Millennial poll: 2nd Amendment no obstacle to gun control
- A new poll by the University of Chicago finds that Millennials have a strong preference for gun control, even supporting a proposed ban on semi-automatic weapons.
- White students were about twice as likely to have grown up with a firearm in the home, but were only one-third as likely as black students to have experienced gun violence in their lifetimes.
A new poll by the University of Chicago finds that Millennials have a strong preference for gun control, even supporting a proposed ban on semi-automatic weapons.
The survey—which was conducted by GenForward, part of the University of Chicago’s Black Youth Project, in conjunction with the NORC Center for Public Affairs Research, a nonpartisan social science research organization—polled 1,940 young Americans ages 18 to 30 and revealed that that 57 percent of Millennials approve of banning people from purchasing semi-automatic weapons.
The poll shows that just 21 percent of survey respondents personally own a firearm, including 29 percent of white respondents and 11 percent of black respondents, the Associated Press reports.
Over half of the young Americans polled said that firearm restrictions on gun owners do not, in fact, infringe on the Second Amendment’s right to bear arms. The poll breaks down the 54 percent, revealing that 57 percent of African Americans support limits on gun ownership, compared to 52 percent of white and Latino Americans.
Millennials also showed strong support for existing gun laws, with 90 percent saying they favor criminal background checks in order to purchase any type of firearm, and the same percentage supporting harsher punishments for violating gun laws.
The AP notes that personal experiences heavily shape Millennials’ opinions of issues, especially gun control. Of those polled, 37 percent of black Americans, almost 25 percent of Latino Americans, and 12 percent of white and Asian Americans reported experiencing some sort of gun violence in their lifetime.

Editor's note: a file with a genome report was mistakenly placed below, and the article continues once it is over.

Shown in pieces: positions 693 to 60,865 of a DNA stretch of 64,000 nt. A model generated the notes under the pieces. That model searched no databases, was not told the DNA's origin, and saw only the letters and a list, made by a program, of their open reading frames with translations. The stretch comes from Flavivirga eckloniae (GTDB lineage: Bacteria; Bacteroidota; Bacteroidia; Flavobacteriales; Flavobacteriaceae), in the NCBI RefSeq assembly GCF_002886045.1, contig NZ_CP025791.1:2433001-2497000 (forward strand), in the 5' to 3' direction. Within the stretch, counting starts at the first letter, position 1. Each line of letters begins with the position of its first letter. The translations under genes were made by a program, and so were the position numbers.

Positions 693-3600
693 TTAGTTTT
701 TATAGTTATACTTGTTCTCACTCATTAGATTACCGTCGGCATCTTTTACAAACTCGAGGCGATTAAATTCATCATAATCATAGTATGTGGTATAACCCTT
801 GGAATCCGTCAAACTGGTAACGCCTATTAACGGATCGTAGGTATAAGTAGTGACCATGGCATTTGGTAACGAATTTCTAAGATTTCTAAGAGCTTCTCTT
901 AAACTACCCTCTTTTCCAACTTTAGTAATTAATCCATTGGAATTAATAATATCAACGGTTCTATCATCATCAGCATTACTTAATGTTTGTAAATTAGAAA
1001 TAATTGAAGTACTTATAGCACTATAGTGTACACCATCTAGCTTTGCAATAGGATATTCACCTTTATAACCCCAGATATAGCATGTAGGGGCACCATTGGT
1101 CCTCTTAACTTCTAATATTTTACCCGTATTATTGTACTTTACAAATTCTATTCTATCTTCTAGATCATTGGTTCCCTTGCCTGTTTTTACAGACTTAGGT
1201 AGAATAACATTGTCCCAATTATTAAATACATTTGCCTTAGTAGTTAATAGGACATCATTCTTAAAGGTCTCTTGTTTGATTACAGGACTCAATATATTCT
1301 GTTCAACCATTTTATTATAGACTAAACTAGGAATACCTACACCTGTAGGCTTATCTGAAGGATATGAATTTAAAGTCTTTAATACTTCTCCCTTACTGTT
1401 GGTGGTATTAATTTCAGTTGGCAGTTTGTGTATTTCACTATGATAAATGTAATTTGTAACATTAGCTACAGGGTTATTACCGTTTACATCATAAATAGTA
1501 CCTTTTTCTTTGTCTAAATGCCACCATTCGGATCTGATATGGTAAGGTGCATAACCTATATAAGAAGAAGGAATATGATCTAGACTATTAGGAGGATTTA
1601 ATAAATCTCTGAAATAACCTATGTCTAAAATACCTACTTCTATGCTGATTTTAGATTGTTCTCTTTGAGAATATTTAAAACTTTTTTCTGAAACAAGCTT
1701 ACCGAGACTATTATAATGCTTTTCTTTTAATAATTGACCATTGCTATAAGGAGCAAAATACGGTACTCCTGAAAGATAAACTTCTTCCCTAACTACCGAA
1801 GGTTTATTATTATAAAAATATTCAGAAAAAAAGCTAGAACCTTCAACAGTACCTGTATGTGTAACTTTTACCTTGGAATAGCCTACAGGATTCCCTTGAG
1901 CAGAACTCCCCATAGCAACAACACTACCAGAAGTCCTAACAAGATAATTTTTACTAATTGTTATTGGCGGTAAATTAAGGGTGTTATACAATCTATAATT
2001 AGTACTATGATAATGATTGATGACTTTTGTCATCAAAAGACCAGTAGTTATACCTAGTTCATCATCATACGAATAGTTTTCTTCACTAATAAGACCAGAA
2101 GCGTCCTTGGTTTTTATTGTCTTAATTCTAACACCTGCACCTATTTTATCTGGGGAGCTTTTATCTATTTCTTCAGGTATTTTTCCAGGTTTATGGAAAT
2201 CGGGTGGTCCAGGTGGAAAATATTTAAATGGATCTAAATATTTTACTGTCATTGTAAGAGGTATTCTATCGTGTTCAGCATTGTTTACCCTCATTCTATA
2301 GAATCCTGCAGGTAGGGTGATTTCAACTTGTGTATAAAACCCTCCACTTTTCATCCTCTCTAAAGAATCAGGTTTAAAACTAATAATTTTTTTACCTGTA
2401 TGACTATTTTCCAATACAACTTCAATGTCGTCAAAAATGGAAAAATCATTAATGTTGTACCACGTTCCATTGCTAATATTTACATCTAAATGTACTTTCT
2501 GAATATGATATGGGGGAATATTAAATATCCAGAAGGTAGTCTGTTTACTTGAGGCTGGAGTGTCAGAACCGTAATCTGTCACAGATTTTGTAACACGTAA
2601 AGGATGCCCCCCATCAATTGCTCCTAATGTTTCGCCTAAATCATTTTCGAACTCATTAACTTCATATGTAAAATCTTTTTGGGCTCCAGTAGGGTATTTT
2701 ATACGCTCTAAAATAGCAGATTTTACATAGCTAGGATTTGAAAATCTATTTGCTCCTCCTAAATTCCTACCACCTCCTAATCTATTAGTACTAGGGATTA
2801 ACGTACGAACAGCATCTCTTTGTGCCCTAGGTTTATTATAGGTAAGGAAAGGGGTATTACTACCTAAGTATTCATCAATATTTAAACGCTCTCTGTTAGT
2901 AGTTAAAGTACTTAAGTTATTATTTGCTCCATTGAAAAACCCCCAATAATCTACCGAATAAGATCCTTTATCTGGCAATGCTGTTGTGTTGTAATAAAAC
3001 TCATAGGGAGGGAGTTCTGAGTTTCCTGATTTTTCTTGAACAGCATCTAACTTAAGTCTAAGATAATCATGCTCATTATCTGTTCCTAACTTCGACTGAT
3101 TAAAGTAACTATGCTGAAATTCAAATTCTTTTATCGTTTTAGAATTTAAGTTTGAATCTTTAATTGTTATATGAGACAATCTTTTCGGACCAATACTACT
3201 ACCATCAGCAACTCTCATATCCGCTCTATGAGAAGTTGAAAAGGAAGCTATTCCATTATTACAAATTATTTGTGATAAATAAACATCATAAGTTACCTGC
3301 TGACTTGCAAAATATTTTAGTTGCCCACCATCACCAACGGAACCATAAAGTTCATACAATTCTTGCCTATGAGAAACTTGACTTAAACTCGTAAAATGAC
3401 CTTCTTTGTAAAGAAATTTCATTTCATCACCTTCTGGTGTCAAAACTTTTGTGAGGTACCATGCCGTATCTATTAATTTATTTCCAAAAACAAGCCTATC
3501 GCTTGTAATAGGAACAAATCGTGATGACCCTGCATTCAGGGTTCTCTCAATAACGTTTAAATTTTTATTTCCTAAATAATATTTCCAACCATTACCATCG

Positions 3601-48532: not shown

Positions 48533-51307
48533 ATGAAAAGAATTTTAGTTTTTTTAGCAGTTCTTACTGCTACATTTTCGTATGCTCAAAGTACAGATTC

One of the students surveyed, Keionna Cottrell, whose brother was shot and killed earlier this year, expressed her support of increased gun control in emotional terms.
“People are dying here because there is no control of the weapons out on our streets,” she said of Chicago’s South Side, claiming that people who live in her neighborhood “have real military guns and they’re not scared to use them.”
A total of 40 percent of young Americans reported living in a house with at least one gun owner. That rate was higher for white Americans at 52 percent, compared to around 24 percent of black and Latino Americans, while only 19 percent of Asian Americans reported living in a gun-owning household.
Unsurprisingly, over half of those surveyed said they believe that Second Amendment rights can be compromised in order to support greater gun control.
“I think it’s important to make sure the government isn’t going door to door saying, ‘Let me see your guns and ammo,'” said LaShun Roy, a member of the National Guard and full-time student, but added that “a lot can go wrong if you don’t know what you’re doing.
“What if someone’s not doing well in class or a family member dies? What’s to stop them from pulling out a gun and shooting the teacher or people in class?” she mused. “You just have so many different emotions and types of people you go to school with.”
Twenty one-year-old Saajan Bhakta, another of the students surveyed, opined that legislators should pass new laws that restrict access to all weapons for felons, as well as acceess to some semi-automatic guns for the general public. The issue of gun violence “needs to be addressed very promptly,” he said in the wake of the police shootings in Dallas.
Despite the strong opposition to firearms, however, nearly 60 percent of Millennials surveyed said they believe owning a gun is a good deterrent to crime.
Neither author had responded to Campus Reform’s request for comment in time for publication.
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